(585f) Optimization of Electrodes Based On Polymer Properties of Hydrocarbon Polyelectrolyte for PEFCs

Nakajima, T., Chemical Resources Laboratory, Tokyo Institute of Technology
Tamaki, T., Tokyo Institute of Technology
Ohashi, H., Tokyo Institute of Technology
Yamaguchi, T., Tokyo Institute of Technology

Polymer electrolyte fuel cells (PEFCs) are promising future devices for power generation, portable and automotive applications. A membrane electrode assembly (MEA) is one of the key components in PEFC system. The MEA consists of polymer electrolyte membrane and electrodes which made up of a catalyst layer, a diffusion layer, and a carbon paper. Perfluorosulfonic acid (PFSA) such as Nafion has been used as an ionomer in the catalyst layer, and the Nafion-based electrodes have been optimized in a great many studies. Several problems still remain to restrict the application of PFSA to PEFCs, for instance, the high cost, the high environmental load and the difficultly in structure control. On the other hand, hydrocarbon polyelectrolytes have been developed as an alternative to PFSA because of the unique benefits including the low cost and the easiness of structure control. Therefore, the adjustment of the alternative ionomer to the electrode is fundamentally significant. However, none of index could be formed to optimize the structure of catalyst layer up till now. Furthermore, the performance of MEA containing hydrocarbon ionomer in the catalyst layer has been reported to decrease at comparatively-low current density, below 1,000 mA/cm2, compared with that of Nafion. The followings are considered as main causes of the performance decrement: (a) the inhibition of oxygen diffusion by blocking a secondary pore, which is a pore outside agglomerated catalyst supported carbons (i.e. secondary particles), (b) the resistance of oxygen permeation from the secondary pore to a reaction site through the ionomer layer. In our research, polymer physical properties were investigated to clarify the main cause of performance decrement. The oxygen permeability and the swelling of ionomer were focused on as polymer physical properties since these properties are considered to relate to the above rate limiting steps.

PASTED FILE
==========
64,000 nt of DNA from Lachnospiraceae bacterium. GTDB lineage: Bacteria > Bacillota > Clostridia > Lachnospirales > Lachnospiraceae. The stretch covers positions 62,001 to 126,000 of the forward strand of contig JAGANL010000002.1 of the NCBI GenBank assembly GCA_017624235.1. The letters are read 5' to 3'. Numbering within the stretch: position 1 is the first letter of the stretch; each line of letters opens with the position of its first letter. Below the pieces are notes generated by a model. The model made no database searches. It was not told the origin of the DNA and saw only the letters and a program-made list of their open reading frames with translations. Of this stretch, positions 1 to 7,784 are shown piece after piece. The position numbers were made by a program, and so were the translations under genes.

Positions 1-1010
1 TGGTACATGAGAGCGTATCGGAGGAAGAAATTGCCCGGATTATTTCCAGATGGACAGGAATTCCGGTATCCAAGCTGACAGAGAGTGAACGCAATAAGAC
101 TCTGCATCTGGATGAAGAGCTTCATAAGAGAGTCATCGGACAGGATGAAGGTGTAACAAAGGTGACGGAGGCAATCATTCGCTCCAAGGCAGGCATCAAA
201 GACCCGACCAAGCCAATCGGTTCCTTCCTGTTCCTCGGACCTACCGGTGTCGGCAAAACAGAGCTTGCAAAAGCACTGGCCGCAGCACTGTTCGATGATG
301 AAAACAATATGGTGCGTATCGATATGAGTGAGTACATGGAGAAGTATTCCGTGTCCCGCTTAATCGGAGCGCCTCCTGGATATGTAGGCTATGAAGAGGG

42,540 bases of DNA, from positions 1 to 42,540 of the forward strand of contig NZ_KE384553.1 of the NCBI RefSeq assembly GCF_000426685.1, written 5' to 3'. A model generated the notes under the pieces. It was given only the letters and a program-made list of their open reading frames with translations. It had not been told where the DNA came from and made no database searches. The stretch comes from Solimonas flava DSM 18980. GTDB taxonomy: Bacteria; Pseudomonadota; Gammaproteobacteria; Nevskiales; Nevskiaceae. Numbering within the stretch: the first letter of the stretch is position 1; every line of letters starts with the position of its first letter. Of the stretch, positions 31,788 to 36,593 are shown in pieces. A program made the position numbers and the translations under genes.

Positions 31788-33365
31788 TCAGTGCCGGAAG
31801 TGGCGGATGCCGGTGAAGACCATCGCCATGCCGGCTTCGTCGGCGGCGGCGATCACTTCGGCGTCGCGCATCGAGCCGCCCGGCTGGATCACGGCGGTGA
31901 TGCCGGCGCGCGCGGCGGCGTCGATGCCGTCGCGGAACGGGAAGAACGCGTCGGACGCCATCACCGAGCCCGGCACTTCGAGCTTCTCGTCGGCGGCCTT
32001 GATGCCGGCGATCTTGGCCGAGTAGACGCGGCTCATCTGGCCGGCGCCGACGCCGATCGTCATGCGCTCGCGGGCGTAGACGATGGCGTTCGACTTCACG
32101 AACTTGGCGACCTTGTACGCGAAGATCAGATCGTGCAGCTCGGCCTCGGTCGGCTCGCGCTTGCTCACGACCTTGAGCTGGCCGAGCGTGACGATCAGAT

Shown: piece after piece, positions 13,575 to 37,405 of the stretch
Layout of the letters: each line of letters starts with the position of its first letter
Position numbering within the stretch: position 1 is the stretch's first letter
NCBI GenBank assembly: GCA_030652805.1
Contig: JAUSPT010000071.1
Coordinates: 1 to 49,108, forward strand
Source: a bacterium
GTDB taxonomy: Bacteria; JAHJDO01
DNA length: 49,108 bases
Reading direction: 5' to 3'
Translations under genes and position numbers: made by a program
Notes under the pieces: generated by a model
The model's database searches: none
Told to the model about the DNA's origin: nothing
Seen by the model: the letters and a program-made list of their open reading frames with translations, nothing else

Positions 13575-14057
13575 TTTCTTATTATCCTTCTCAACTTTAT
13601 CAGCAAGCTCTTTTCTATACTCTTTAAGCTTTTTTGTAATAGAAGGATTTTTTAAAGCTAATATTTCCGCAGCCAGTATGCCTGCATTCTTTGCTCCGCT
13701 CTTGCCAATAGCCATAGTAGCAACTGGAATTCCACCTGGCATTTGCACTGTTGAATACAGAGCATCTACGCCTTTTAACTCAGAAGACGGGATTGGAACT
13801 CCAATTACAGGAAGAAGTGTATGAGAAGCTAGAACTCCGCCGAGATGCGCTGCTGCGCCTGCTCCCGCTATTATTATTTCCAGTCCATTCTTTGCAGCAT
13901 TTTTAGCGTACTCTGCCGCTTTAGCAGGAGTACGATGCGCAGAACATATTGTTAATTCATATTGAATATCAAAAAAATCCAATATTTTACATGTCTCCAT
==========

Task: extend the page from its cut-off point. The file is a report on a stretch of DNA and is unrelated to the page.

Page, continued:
The sulfonated poly(allylene ethel sulfone) (SPES) was synthesized to investigate polymer properties of hydrocarbon polyelectrolyte and to be used to the catalyst layer as the ionomer. Two types of electrodes were fabricated and the introduction weight ratio of Pt supported carbon (Pt/C): ionomer: and polytetrafluoroethylene (PTFE) was set to 60: 25: 15 (SPES-25, Nafion-25) and 80: 5: 15 (SPES-5) at the dry state, respectively. MEAs were fabricated with Nafion NR-212 membrane along with SPES-25 or SPES-5 electrode, respectively (MEA-SPES-25, MEA-SPES-5). The oxygen permeability coefficient [PO2] was measured and calculated from the amount of permeated oxygen through the membrane. The swelling ratio [δ] was estimated from the volume change of the membrane.

PO2 of SPES was lower, while δ of SPES was higher than these of Nafion. Firstly, to discuss the effect of ionomer swelling, the porosity of catalyst layer was estimated by considering the volumes of entire catalyst layer, Pt/C, ionomer, and PTFE. The porosity of SPES-25 dropped significantly compared with that of Nafion-based electrode. Besides, the effect of ionomer swelling decreased with decreasing RH. This means that, if the blocking of secondary pore caused by the SPES swelling is the main influence factor, the performance would improve with decreasing RH. Secondly, to discuss a difficulty of the oxygen permeation through the ionomer layer, the resistance of oxygen permeation was calculated from PO2, δ, and the density. The oxygen permeation through the SPES ionomer layer of the SPES-25 is much more difficult than that through the Nafion ionomer layer of the Nafion-25. Furthermore, the effect of resistance increased with decreasing RH. This means that, if the oxygen permeation through the ionomer layer is the main cause of performance decrement, the performance would become lower with decreasing RH.

Therefore, the humidity dependence of performance of MEAs was investigated. The performance of MEA-SPES-25 improved with decreasing RH. These results indicate that the main cause of performance decrement is not the resistance of oxygen permeation but the inhibition of oxygen diffusion by blocking a secondary pore caused by ionomer swelling. Additionally, the performance of MEA-SPES-5 with thin layer of SPES ionomer was high and hardly changed with changing RH. This is because the thinner layer of SPES ionomer is not affected by the inhibition of oxygen diffusion by blocking. The results with MEA-SPES-5 also suggest that the broadened secondary pore enables to maintain the performance of MEA with the hydrocarbon ionomer in the catalyst layer. Therefore, the optimized structure of the catalyst layer will be fabricated by not only using the ionomer with low swelling ratio but also extending the secondary pore of the catalyst layer.